Dark and Dangerous Designs on World Press Freedom

This is my latest piece for the website of The Conversation. You can read it on their site here.

I have recorded a short video introduction to explain why I decided to write the piece.

You can sense the outrage across the centuries. In the first issue of his provocative newspaper The North Briton, John Wilkes championed the “liberty of the press”. It was “the terror of all bad ministers; for their dark and dangerous designs, or their weakness, inability, and duplicity, have thus been detected.”

Wilkes was writing specifically for a British audience. He could hardly have foreseen the news media of today, when his words could have been read on the other side of the world as soon as he posted them. He lived in the 18th century, an era of a different type of globalisation – one driven by ships sailing out to trade or conquer.

Imagine Wilkes were to return to earth now. Let him set aside for a moment his inevitable astonishment at how technology has transformed journalism, and continues to transform it. He would still be dismayed at how little has changed. For there are plenty of “bad ministers” with “dark and dangerous designs” in many different parts of the world.

Judging by the way things have unfolded for the news media in the last two decades especially, many governments continue to see the news media as a source of “terror” – not excluding the UK, which is slipping precipitously down the press freedom rankings.
Guilt by association

Wilkes presumably intended “terror” to mean extreme fear. In the case of Al-Jazeera’s Peter Greste, Mohamed Fahmy, and Baher Mohamed the word has, absurdly, taken on the meaning more often used since September 11 2001.

I should disclose that Peter Greste and I are former colleagues at both Reuters Television and BBC News. Our previous professional association, as much as the reports I have read of his arrest and detention, means I use the word “absurdly” advisedly.

Greste and his colleagues are on trial in Egypt charged with assisting a “terrorist organisation”. Needless to say, they deny the charges. Their trial has been adjourned until May 3 – a date which the United Nations has designated annual World Press Freedom Day.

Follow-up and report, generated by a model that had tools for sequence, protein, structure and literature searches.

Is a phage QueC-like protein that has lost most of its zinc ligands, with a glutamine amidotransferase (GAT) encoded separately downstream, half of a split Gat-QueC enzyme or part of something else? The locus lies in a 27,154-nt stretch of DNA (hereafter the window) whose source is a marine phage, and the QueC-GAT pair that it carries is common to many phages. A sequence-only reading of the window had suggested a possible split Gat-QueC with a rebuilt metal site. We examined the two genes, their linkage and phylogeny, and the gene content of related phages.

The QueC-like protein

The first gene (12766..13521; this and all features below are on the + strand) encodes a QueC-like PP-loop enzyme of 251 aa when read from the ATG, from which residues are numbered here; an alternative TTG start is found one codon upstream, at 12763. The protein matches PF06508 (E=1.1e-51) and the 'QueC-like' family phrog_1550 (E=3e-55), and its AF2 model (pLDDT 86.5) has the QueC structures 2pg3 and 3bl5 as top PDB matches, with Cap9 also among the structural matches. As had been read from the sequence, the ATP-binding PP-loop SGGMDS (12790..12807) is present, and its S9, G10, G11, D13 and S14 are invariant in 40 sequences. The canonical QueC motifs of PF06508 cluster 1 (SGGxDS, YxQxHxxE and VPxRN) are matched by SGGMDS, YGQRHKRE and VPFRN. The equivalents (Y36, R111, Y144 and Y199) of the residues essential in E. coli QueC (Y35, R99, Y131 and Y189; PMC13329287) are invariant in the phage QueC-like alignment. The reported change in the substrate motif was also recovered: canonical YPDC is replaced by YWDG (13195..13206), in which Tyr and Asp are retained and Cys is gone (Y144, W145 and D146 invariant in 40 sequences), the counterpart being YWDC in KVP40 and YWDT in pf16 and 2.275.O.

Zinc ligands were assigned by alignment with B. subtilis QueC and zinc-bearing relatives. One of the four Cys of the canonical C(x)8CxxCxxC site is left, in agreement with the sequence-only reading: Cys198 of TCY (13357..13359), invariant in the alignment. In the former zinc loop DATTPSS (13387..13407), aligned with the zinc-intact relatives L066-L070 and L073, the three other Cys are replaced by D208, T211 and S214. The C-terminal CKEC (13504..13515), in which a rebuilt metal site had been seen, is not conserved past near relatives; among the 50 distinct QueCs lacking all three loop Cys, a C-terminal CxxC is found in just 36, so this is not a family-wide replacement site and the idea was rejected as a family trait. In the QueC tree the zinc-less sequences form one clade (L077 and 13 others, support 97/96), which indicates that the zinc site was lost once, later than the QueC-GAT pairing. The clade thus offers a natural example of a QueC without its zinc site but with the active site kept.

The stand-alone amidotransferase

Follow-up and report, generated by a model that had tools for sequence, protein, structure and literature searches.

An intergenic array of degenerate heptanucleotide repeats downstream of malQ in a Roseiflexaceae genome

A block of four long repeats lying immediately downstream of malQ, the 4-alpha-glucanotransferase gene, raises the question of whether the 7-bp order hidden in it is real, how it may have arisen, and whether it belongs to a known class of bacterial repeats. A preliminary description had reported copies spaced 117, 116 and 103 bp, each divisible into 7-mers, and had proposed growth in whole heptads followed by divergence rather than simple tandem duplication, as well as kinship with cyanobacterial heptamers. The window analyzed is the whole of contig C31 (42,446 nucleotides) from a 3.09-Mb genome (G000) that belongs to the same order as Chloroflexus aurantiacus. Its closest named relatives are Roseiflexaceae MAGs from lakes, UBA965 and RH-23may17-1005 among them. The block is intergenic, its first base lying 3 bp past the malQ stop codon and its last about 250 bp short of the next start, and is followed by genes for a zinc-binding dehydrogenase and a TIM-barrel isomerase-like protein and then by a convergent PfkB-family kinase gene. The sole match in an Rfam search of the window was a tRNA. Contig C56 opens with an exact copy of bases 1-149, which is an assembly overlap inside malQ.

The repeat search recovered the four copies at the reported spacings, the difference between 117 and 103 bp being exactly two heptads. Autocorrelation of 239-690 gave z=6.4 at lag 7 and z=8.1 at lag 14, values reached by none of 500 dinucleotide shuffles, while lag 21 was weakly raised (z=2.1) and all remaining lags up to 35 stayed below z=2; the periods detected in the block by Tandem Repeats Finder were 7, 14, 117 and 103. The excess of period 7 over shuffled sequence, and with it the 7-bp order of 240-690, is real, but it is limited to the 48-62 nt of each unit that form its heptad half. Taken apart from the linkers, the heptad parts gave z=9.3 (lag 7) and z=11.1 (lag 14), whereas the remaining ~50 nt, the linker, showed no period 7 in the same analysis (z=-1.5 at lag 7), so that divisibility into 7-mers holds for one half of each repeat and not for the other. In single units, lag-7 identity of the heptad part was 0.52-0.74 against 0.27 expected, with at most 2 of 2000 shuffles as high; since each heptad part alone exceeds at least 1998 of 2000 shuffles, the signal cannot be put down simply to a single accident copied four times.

What is ominous for the cause of press freedom in general, and for individual journalists in particular, is the way reporters are so readily associated with the policies of governments in their home countries. Journalism does not operate in a vacuum separate from politics and diplomacy; in this case, the government of Qatar, which funds Al-Jazeera, supported the Muslim Brotherhood, the movement now driven from office and declared “terrorists” by the country’s current rulers.

Meanwhile, Simon Ostrovsky, a reporter for Vice News, was detained in April by a pro-Russian militia in Ukraine. The reason, according to a report on The Guardian website was that he was “suspected of bad activities”. Thankfully, he was released, seemingly unharmed, a few days later.
Deadly decade

Ever since journalism began to take on its modern form, it has often been in conflict with political and military authorities. Yet the situation seems to have deteriorated in the past twenty years or so – the instability after the the Cold War and the wars which followed 9/11 proving especially hazardous for reporters.

A 2009 report from the International Federation of Journalists (IFJ) took the title End of a Deadly Decade. The report highlighted areas which are less frequently covered in the western media: the Philippines, Somalia, and the drug wars of Mexico. All were the site of multiple media deaths, and all continue to be lethal arenas for reporters.

Governments today face the challenge of coping with a media environment which is much harder to control than in the pre-internet age. New emphasis is placed upon media messaging, especially in time of armed conflict.

As Shota Utiashvili, a Georgian Interior Ministry official, told me in an interview for the BBC after his country’s 2008 war with Russia: “In this century, and in a conflict where you have a huge power against a small state, I think that’s almost as important as the military battle,”

The point is more generally relevant. Unlike The North Briton, much of today’s journalism is available around the world, around the clock. One consequence seems to be that reporters themselves are increasingly singled out. If you can’t muzzle the medium, you can jail the journalist – or worse.

The result is that attempts to gag the news media have gone global: Egypt detains an Australian journalist working for a Qatari News Channel; pro-Russian forces detain a U.S. citizen reporting from Ukraine.

As the IFJ’s 2009 report noted:

The adoption of Resolution 1738 by the United Nations Security Council in 2006, which called for the protection of journalists in conflict zones and for proper investigation into violent attacks on media, has largely been ignored.